To truly embrace the Christmas spirit, of giving gifts because of the great gift of love our Saviour gave to us, to let your children and your family participate in a program that provides true help to needy children in another part of the world, Contact Operation Christmas Child soon!

Even Duck Dynasty is getting into Operation Christmas Child this year!

Even Duck Dynasty is getting into Operation Christmas Child this year!

What a Character Blogathon: Eric Blore

Why does a balding, short Englishman always make me chuckle in classic, comedic films?  Eric Blore, an excellent character actor,  usually portrayed kind yet fussy  butlers who  had a way with a smarmy, sarcastic answer that sailed  over the heads of the rude people asking him questions.   The audiences who viewed Blore in the movies were able to  catch his polite barbs, eye rolls,  and the laughs would  ensue.

Eric Blore, in his most common role, as butler.

Eric Blore, in his most common role, as butler.

When I learned of  the What a Character Blogathon being hosted Nov. 9th-11th by three great classic movie bloggers I had to sign up and participate.  Be sure to visit these sites for more great posts about wonderful character actresses and actors: Outspoken and Freckled, Once Upon a Screen,  and Paula’s Cinema Club.  Eric blore What a character

Blore was born in 1887 in England.  At the age of 18, he began a career as an insurance agent, but the acting bug bit when he had the opportunity to tour Australia and joined a theatre troup there.  WWI happened, and Blore enlisted with the Artists Rifles, commissioned to serve with the South Wales Borderers.  After the war was over, he toured England in several shows and musical revues.  In 1923 he sailed for the United States and successfully played character roles on Broadway.  In 1926 he appeared in the silent movie version of The Great Gatsby, which starred Warner Baxter.    His first movie role as the butler was  in the first Fred Astaire and Ginger Rogers teaming, 1933’s Flying Down to Rio.   Also in 1933,  Blore was cast as a butler in the Broadway production of The Gay Divorcee and he was asked to reprise that  same role in the movie version, which starred Fred Astaire and Ginger Rogers.  From that role, Blore went on to appear in over 80 movies.  There were a few dramatic roles, 1937’s The Soldier and The Lady, and 1939’s Island of Lost Men, but on the whole, Blore played his characters in comedic films.  With his expressive face, excellent timing with lines, and his crisp, uppercrust English accent, he was the perfect butler in many comedies.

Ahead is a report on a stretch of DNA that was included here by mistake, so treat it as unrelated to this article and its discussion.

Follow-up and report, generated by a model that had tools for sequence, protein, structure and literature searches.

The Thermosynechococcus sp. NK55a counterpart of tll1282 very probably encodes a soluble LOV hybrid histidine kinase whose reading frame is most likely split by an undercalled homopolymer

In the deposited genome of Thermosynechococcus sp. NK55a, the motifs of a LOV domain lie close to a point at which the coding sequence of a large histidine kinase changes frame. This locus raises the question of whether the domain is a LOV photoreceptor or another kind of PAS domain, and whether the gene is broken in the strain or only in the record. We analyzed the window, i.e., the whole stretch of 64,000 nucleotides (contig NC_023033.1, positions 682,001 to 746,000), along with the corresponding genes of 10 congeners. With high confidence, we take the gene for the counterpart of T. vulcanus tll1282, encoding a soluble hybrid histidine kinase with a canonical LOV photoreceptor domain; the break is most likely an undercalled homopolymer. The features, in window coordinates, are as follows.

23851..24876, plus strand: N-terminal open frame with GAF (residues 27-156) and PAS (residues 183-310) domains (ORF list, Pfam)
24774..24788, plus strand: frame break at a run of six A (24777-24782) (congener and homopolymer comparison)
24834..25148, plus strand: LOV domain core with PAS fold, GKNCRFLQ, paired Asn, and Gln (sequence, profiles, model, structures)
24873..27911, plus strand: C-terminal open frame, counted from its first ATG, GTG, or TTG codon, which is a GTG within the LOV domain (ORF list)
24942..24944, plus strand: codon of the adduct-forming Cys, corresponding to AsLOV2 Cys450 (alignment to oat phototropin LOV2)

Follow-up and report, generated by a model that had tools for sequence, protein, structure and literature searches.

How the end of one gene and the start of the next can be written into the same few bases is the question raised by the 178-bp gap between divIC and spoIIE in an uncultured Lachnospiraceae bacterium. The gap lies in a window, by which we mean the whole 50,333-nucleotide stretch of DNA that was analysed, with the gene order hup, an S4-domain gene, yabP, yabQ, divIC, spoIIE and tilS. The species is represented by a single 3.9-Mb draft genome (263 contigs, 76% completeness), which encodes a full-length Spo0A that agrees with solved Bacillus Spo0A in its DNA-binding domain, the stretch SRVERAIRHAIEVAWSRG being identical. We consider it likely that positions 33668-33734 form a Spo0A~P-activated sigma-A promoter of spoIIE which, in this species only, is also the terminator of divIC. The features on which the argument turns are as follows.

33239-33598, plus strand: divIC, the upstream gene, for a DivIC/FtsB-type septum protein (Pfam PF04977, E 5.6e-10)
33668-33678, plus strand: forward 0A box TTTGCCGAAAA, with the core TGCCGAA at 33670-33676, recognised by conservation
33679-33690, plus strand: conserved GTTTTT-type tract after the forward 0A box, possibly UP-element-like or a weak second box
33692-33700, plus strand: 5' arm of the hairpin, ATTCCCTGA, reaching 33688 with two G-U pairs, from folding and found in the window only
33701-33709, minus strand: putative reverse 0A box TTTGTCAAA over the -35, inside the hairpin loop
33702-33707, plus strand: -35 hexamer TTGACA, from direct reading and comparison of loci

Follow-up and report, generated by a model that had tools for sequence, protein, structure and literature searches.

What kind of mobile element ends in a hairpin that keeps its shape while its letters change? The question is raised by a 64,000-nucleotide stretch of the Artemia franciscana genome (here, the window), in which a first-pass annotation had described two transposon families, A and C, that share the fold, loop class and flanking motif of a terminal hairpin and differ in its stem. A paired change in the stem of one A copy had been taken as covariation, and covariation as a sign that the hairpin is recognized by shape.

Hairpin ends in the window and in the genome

Blore getting ready to sneer at some cad or oaf!

Blore getting ready to sneer at some cad or oaf!

After appearing in Flying Down to Rio and The Gay Divorcee, Blore went on to appear in 5 of the 9 Astaire and Rogers movies.  Two of his best apperances were in  Top Hat and Shall We Dance?, sparring verbally and bringing up the laughs with Edward Everett Horton.

Blore in a cast shot from The Gay Divorcee

Blore in a cast shot from The Gay Divorcee

Blore and his foil, Edward Everett Horton

Blore and his foil, Edward Everett Horton

In the 1940s, Blore again appeared as a butler, namely Jamison, the butler for Warren William’s character in the Lone Wolf mystery movies series, which was 11 movies in all.  Famed writer/director Preston Sturges tagged Blore to be in two of his comedic films, Sullivan’s Travels and The Lady Eve, both made in 1941.  In Sullivan’s Travels, Blore is Joel McCrea’s butler, but his role for Sturges’s in The Lady Eve is funny and different.  Blore is a conman, Pearly, working with a father/daughter team of conmen, Charles Coburn and Barbara Stanwyck.  They are teaming to outsmart and get money from Henry Fonda.  Blore pretends to be Sir Alfred McGlennan Keith and he is to try and convince Fonda that Stanwyck is a twin daughter, born from the lady of the manor’s dalliance with a coachman.  It’s a hilarious scene, and Turner Classics will be airing The Lady Eve on November 29th, at 8:00 pm/eastern, 7:00 pm /central.

As McCrea's butler in Sullivan's Travels

As McCrea’s butler in Sullivan’s Travels

With Stanwyck in The Lady Eve

With Stanwyck in The Lady Eve

Nearing his retirement from acting, Blore appeared in the second Bing Crosby/Bob Hope Road movie, 1941’s  The Road to Zanzibar.    One more notable stint was in 1949, when Blore did  the voice of Mr. Toad for Walt Disney Studio’s animated classic The Wind in the Willows.  To end my post on Eric Blore, I’ll just share various pictures I found of him on the internet, and please visit his site at IMDB to see his filmography.

Blore near the end of his acting career

Blore near the end of his acting career

Another displeased butler look from Blore

Another displeased butler look from Blore

Blore's alter ego, Mr. Toad

Blore’s alter ego, Mr. Toad

Blore, with hair(!), in a movie scene with Leslie Howard